Review – MMultiAnalyzer from MeldaProduction
MeldaProduction’s MMultiAnalyzer is an easy-to-use and handy tool for … surprise … analyzing multiple tracks in a variety of ways. We take a quick look at what it can do in this review.
by David Baer, Mar. 2015
This is a review of MMultiAnalyzer from MeldaProduction, and it will be a brief one. Regular readers of SoundByte’s coverage of MeldaProduction products can be forgiven for thinking “Short review … I thought you said this was something from MeldaProduction”. Granted, our reviews of software from this company tend to be on the long side due to the fact that Melda plug-ins are normally extremely deep and filled with an abundance of user-tunable options. But not so in the case of MMultiAnalyzer, which is eminently straightforward.
MMultiAnalyzer (hereafter “MMA” for brevity) has four panels respectively showing
- A two-dimensional frequency spectrum
- A three-dimensional frequency sonogram
- A frequency “collision” display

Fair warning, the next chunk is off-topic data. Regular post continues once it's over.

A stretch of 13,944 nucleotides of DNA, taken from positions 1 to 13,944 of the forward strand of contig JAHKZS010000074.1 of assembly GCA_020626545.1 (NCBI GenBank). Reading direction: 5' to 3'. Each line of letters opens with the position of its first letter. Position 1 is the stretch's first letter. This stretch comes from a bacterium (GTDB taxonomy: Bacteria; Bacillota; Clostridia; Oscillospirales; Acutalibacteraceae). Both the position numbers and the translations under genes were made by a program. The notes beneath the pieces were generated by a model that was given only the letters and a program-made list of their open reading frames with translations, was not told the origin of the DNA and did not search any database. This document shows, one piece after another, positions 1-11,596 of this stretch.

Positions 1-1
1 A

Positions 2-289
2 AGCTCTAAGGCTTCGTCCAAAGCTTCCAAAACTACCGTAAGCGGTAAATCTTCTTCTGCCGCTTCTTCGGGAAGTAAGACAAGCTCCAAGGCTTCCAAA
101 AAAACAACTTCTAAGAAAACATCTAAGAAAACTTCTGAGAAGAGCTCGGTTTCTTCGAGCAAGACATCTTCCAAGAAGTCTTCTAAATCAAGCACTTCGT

- A combination waveform and loudness view
What makes it truly useful is that it can perform its analysis on multiple tracks and show the results in a composite view. Setting it up to do so could hardly be easier. Let’s start there in fact.
If you insert instances of MMA on multiple tracks, they automatically find each other, and that’s all you need to do, other than appropriately naming each instance so you know what’s what. Supply the name in the upper portion of the panel shown right. Each MMA instance will display all the available peer instances in the lower portion of the panel. Select the tracks you wish to view in the current instance and optionally select the colors.